UPDATE (Tweet appears within minutes of finishing this draft):
— ProQuest (@ProQuest) October 29, 2015
ProQuest, in a move that has been hashtagged #ProQuestGate and #EEBOGate, abruptly cancelled Renaissance Society of America member access to Early English Books Online. For scholars of the English Renaissance and through the 18th century (or early America, for that matter), the lost subscription will mean lost access to perhaps the richest online resource for studying literary and cultural history from the period.
Why would scholars lose access? The most privileged scholars won’t, because they work at institutions that pay subscription fees. The scholars who are likely to suffer from lost access are at regional public universities and smaller private colleges–or are not employed, often known by the terrible euphemism “independent scholars.”
I think the only way to put real pressure on ProQuest is for scholars who are employed at institutions that subscribe to EEBO to hit ProQuest where it hurts, in the pocket book. ProQuest negotiates subscription agreements, and these agreements vary according to what the market will bear. So I would be surprised were there not several institutions paying 20 or 30 percent more than comparable peer institutions. I do know that ProQuest has two subscription types, 1) a one-time massive charge with small renewal fee, or 2) annual renewing subscription. (I have learned, since posting this, that prices are thoroughly byzantine, that rate may differs if institution purchases transcriptions from EEBO-TCP, phase 1 or 1 and 2, or is a partner institution with EEBO-TCP). My hope is that institutions with renewing subscriptions are easily able to compare what others are paying in annual subscription rates, they should be able to negotiate for lower costs.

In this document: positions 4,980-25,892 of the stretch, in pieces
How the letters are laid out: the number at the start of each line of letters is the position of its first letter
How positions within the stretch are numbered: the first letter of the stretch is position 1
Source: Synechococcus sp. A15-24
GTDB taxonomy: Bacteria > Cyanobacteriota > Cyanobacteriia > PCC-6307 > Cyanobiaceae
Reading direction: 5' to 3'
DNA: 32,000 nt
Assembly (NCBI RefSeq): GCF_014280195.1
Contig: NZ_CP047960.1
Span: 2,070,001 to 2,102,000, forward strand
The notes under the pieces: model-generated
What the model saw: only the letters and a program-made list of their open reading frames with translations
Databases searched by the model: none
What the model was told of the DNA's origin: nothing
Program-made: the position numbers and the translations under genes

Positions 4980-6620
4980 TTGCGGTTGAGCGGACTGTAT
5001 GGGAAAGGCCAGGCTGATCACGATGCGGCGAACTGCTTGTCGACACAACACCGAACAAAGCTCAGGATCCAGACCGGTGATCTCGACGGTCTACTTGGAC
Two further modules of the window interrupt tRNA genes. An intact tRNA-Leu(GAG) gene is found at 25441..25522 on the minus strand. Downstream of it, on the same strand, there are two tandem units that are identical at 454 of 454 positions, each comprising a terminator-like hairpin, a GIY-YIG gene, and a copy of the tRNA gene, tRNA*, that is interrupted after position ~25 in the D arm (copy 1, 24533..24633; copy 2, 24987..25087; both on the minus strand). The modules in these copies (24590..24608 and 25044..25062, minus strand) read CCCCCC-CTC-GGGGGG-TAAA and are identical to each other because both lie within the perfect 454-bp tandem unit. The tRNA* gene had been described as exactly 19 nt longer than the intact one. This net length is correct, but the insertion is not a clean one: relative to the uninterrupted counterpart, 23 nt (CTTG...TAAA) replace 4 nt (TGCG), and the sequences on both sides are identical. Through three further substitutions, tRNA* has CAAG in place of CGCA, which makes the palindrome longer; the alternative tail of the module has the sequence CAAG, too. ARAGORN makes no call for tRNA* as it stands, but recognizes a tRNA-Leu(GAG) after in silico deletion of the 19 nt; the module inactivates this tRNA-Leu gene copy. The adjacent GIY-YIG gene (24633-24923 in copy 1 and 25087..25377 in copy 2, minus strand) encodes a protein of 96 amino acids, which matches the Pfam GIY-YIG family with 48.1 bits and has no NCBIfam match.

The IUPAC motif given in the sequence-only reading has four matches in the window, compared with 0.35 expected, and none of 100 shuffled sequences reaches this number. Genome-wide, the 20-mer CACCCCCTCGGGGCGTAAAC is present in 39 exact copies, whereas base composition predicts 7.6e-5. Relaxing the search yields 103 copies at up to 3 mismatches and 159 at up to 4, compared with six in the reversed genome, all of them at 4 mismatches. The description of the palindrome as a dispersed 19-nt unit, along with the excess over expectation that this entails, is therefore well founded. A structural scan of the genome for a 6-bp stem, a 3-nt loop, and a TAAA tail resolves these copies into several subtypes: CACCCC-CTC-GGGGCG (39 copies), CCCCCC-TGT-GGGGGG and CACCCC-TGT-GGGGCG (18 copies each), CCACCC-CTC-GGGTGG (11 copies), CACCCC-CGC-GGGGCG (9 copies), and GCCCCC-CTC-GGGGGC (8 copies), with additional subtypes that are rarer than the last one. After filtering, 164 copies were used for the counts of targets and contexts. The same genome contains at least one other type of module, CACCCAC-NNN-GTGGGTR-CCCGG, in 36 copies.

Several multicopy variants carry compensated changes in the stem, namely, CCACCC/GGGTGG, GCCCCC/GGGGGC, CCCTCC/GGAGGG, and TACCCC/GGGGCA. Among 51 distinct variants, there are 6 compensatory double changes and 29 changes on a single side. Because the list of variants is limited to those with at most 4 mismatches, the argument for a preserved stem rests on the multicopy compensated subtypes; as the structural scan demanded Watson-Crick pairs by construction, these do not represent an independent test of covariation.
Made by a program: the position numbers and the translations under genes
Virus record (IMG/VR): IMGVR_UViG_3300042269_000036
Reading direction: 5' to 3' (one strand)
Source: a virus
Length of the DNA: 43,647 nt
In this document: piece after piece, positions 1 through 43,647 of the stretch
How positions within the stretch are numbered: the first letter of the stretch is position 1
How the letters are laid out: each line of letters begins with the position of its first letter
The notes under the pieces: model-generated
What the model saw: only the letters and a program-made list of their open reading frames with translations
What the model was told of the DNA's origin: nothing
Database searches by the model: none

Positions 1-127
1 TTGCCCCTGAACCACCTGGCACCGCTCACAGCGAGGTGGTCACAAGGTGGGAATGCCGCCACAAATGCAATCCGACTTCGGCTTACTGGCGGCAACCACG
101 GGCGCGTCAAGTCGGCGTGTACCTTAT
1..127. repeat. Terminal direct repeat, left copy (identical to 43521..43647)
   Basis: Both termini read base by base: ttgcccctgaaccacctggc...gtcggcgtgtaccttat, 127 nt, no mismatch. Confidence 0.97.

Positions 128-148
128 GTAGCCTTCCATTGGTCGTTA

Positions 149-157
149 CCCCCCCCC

You, if you are a member of an institution that subscribes, should contact your library department representative to find out what your institution pays. According to my local university librarian, these subscription fees are part of payment records that by law are open to the public. I am at a public state university in US, with open records law. If you’re at a private university not subject to open records law (or outside US) you may consider civil disobedience. However, given ease of electronic surveillance, the risk may be real in event of legal suit, etc. So don’t do it unthinkingly: consider your jurisdiction.